“Through altering their body in a specific way, they’re more in touch with the reality around them and able to deal with it,” Linden says. “In this case it’s just a tissue and there’s no reason to do anything.”

“What I might do next is say, OK, this was just a tissue and it’s irrelevant. But the same processes of fear and anger and dissociation are at play when it’s a real attack.” To demonstrate this, he might walk up to a volunteer and shout a meaningless word like “cookie!” and teach them how to undo their freeze or flight response in this situation. Sometimes, he may even walk a volunteer through a roleplay in which an anti-gay slur is shouted at him or her. The goal then, he says, is for the volunteer not to let the slur affect his or her body, to keep focused, and to prepare to do something besides “cowering in a corner.”

“We swim in an ocean of communication and the human tendency is to take in and reflect in your body what the attacker’s evaluation of you is,” he explains. For those who might find such a scenario too intimidating, Linden is quick to add that participants never have to do anything that makes them uncomfortable.

Frequently, Linden also uses his workshops to tear down conventional (and he thinks flat out wrong) definitions of power and compassion – namely that power is domineering and compassion is weak.

To illustrate this point, Linden provides the following scene which he says he would love to use to teach “hate mongers” how weak their hate makes them.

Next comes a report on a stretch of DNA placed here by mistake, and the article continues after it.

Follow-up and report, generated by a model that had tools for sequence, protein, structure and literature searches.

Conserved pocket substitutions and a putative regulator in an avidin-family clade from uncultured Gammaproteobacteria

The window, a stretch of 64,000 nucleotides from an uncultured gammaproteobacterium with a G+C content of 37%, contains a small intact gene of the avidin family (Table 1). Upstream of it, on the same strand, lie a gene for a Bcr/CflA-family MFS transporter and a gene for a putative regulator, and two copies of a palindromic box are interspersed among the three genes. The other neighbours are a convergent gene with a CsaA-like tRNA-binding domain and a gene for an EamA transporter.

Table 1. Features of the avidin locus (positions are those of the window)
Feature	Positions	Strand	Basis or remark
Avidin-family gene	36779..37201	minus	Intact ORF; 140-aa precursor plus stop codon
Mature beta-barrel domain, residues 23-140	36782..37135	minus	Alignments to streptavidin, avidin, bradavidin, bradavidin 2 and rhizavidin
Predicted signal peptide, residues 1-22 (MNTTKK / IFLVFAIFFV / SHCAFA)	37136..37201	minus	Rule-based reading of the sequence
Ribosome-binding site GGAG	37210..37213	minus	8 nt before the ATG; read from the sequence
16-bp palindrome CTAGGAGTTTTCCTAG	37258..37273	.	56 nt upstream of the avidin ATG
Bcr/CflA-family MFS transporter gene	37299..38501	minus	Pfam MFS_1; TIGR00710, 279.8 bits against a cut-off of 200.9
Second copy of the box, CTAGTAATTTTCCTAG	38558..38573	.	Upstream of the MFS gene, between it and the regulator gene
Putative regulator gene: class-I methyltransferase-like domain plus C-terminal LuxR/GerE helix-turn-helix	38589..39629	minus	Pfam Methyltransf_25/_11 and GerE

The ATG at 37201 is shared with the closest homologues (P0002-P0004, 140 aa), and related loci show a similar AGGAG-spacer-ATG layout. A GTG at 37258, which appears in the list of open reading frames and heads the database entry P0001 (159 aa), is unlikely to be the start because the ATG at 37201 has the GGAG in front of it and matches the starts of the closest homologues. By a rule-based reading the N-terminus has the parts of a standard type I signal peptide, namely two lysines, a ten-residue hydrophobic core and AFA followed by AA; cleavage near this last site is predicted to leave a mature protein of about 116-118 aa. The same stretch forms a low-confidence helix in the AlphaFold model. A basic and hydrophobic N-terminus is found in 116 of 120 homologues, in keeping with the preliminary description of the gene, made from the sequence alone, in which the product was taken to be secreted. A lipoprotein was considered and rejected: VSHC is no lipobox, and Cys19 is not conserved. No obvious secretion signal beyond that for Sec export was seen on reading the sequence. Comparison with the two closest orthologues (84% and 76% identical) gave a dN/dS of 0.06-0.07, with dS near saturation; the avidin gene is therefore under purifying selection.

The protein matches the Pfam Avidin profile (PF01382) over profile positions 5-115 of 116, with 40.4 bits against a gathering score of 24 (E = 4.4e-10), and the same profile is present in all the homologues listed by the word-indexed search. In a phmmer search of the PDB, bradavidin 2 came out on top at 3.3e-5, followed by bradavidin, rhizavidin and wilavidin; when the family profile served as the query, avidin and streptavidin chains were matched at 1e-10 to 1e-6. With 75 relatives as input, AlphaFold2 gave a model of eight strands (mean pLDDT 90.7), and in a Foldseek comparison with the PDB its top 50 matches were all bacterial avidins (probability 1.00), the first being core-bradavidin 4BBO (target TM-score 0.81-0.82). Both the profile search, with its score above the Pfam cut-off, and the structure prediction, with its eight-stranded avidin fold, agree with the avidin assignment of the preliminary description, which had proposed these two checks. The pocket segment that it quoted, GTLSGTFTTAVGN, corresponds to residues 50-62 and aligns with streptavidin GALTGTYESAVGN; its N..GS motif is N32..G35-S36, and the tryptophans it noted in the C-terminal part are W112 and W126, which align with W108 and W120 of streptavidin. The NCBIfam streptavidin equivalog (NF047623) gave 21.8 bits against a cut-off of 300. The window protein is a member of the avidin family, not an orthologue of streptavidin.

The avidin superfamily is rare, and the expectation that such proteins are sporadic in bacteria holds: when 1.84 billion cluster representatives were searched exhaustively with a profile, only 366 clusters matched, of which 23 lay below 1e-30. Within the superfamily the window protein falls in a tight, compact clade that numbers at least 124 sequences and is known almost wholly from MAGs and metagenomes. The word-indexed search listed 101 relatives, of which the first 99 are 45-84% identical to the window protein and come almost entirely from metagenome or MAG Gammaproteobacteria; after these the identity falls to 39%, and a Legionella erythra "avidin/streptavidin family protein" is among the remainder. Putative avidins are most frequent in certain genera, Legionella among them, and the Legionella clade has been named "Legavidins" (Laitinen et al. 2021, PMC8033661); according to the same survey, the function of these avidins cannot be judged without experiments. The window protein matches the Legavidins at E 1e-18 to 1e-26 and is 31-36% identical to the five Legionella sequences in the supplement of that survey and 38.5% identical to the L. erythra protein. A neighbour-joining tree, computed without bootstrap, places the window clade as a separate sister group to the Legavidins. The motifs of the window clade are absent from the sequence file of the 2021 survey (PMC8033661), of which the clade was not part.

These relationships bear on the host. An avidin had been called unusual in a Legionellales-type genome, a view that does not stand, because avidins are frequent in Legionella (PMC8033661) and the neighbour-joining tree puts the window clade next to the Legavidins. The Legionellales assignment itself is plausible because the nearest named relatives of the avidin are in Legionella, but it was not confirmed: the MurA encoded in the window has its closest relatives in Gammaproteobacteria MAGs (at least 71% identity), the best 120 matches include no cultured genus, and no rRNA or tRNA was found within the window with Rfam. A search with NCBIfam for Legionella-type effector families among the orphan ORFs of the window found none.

“[I would tell them] stand in a strong stance, and resist my push on your shoulders. Now, say a few words about pizza. And now talk about gay people being an abomination,” he says. “People usually have the clear experience that talking about pizza produces very little response, but speaking hatefully creates contraction, reduces balance, and makes the speaker unable to resist my push. One can use strength and force in a state of contraction, but that involves a lot of wasted effort.”

A compassionate and powerful person, on the other hand, says Linden, is able to look at life from a view of tolerance, to not let hate or weakness overwhelm him or her, and can act “forcefully and effectively from a place of sensitivity and compassion.”

Although the workshop will focus on the body, Linden encouraged people of all ability levels to attend.

“None of movements will be vigorous, dangerous or difficult,” he says. “Nothing will be more complicated than dropping a penny into a cup. If someone has a disability or a limitation of some kind, we’ll modify the exercise so it works for them at their level of ability.”

And while his workshop has definite points to make, Linden also said he’s willing to throw out the lesson plan completely and do whatever he and the group decide they need.

To register for the workshop, contact Jim Struve by July 15 at (801) 364-5700, Ext. 1. Cost is $45 and includes a box lunch. The workshop will be held at the Utah Aikido Dojo (3474 S 2300 E) on July 19 from 9:00 a.m. to 5:00 p.m. Participants are asked to bring a bath towel for balance exercises. For more information and registration forms visit jimstruve.com/workshops.htm.